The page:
Scott Heiferman, co-founder of Meetup and investor in Mobilize, spoke with our team about how to scale a tech company and the importance of organizing.
Heiferman’s founder story
Heiferman founded Meetup in 2002 after experiencing the power of in-person connection first-hand on September 11. From the roof of his apartment in downtown Manhattan, Heiferman watched the World Trade Center collapse and shared sorrow with his neighbors, whom he had never before spoken to. He found a calling in counteracting the decline of community in America, and sought to create “an internet tool to get people off the internet.”
“How is it that people find and form communities? And what impact can those communities have?”
Heiferman went on to be CEO of Meetup for 17 years, during which over 100 million people signed up for an event on the platform. In 2017, Meetup was acquired by WeWork and Heiferman moved to the role of Chairman. Two years later, struggling WeWork sold off Meetup and parted ways with Heiferman.
Making data-driven decisions and adapting quickly
Heiferman’s first piece of advice for a growing tech company: use data to make decisions. Everything he thought Meetup would be used for never came to fruition, and he learned quickly to make decisions based on observed user behavior. “Focus on the way people use the technology—not how you think they should use it.”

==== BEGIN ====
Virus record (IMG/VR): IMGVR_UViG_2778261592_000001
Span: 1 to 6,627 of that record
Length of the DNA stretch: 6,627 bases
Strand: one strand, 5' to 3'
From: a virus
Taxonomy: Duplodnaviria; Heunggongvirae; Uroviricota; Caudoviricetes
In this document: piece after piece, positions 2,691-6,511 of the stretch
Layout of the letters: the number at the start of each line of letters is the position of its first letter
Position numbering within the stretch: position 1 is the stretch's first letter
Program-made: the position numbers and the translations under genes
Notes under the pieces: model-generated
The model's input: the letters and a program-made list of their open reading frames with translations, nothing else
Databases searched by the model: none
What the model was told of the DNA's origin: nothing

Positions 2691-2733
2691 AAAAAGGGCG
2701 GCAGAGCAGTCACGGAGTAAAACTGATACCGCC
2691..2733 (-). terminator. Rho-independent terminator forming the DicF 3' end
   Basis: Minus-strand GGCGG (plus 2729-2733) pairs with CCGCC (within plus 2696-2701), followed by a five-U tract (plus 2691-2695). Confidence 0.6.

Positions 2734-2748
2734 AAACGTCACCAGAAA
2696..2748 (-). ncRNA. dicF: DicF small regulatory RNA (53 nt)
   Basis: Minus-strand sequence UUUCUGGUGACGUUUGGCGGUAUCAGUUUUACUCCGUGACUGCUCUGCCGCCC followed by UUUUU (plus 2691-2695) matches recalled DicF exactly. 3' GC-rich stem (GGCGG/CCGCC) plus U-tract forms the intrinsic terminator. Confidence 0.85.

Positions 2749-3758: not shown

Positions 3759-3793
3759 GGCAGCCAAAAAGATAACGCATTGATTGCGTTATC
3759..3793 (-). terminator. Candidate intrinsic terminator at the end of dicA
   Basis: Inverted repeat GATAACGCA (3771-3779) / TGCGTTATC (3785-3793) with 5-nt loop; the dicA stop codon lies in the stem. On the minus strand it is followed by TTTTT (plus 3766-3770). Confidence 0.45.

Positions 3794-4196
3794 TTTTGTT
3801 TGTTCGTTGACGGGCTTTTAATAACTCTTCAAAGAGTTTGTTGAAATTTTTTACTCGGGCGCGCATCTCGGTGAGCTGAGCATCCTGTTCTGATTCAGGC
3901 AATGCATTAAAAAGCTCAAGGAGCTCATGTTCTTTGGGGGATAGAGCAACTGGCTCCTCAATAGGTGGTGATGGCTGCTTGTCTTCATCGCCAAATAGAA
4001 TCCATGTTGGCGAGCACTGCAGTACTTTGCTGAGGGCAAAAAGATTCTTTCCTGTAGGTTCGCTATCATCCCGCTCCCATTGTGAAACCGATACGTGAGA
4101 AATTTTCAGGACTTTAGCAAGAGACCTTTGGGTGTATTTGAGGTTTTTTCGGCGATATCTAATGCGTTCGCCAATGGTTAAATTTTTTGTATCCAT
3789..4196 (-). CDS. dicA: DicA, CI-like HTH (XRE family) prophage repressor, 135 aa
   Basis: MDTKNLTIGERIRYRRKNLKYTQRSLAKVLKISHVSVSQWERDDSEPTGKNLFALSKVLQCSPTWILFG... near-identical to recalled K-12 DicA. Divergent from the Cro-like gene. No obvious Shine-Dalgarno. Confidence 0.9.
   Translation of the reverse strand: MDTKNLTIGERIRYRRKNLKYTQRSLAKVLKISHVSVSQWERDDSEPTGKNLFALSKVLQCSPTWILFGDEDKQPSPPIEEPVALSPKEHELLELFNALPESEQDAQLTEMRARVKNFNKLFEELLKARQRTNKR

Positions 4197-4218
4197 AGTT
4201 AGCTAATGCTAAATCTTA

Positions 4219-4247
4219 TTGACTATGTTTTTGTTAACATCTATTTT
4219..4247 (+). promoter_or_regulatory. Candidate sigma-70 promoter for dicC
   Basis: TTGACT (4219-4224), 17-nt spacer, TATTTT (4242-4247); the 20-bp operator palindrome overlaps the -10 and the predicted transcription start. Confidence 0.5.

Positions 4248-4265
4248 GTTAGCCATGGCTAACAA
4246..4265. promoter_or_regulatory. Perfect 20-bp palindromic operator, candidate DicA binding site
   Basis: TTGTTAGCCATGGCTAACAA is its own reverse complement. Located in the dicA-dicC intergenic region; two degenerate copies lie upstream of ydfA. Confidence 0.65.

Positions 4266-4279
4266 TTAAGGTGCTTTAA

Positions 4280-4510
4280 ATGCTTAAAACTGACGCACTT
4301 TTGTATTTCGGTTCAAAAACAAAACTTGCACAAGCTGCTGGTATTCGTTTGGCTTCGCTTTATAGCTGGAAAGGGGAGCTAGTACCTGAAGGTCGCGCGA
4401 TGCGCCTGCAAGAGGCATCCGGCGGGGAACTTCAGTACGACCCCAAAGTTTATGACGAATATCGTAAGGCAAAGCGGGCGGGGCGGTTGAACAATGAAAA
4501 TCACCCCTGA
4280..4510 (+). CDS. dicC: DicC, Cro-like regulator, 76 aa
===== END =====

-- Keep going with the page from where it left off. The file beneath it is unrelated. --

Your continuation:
Creating a tool vs. a network
“It’s important to know that you’re building a good tool, but even more important to understand that it’s a network.” Meetup, like MobilizeAmerica, can function as a standalone organizing tool, but its real value comes from the network effects. When someone signs up for a Meetup, the tool enables them to discover more Meetup opportunities. Through these experiences, they’re also prompted to start their own Meetups; repeat attendees become organizers. Each attendee is prompted to bring their friends, and each new organizer brings their own network, growing the Meetup universe rapidly. This growth benefits every person on the platform.
Think about business problems from a place of kindness
“The work you’re doing is perhaps the most important work in the world right now.”
Heiferman told the Mobilize team, “Getting Trump out of office isn’t the be all end all, and activism isn’t either. The mere act of connecting people and giving them the opportunity to learn from each other, support each other, feel powerful and energized and less lonely together has massive impact in and of itself.” Creating a tool for human connection can make users feel like the world and other people aren’t so awful. They can find commonality with people of all backgrounds, shattering stereotypes and introducing new world views. This kind of positivity can have ripple effects. Knowing that we’re touching people’s lives should be our company’s primary motivator.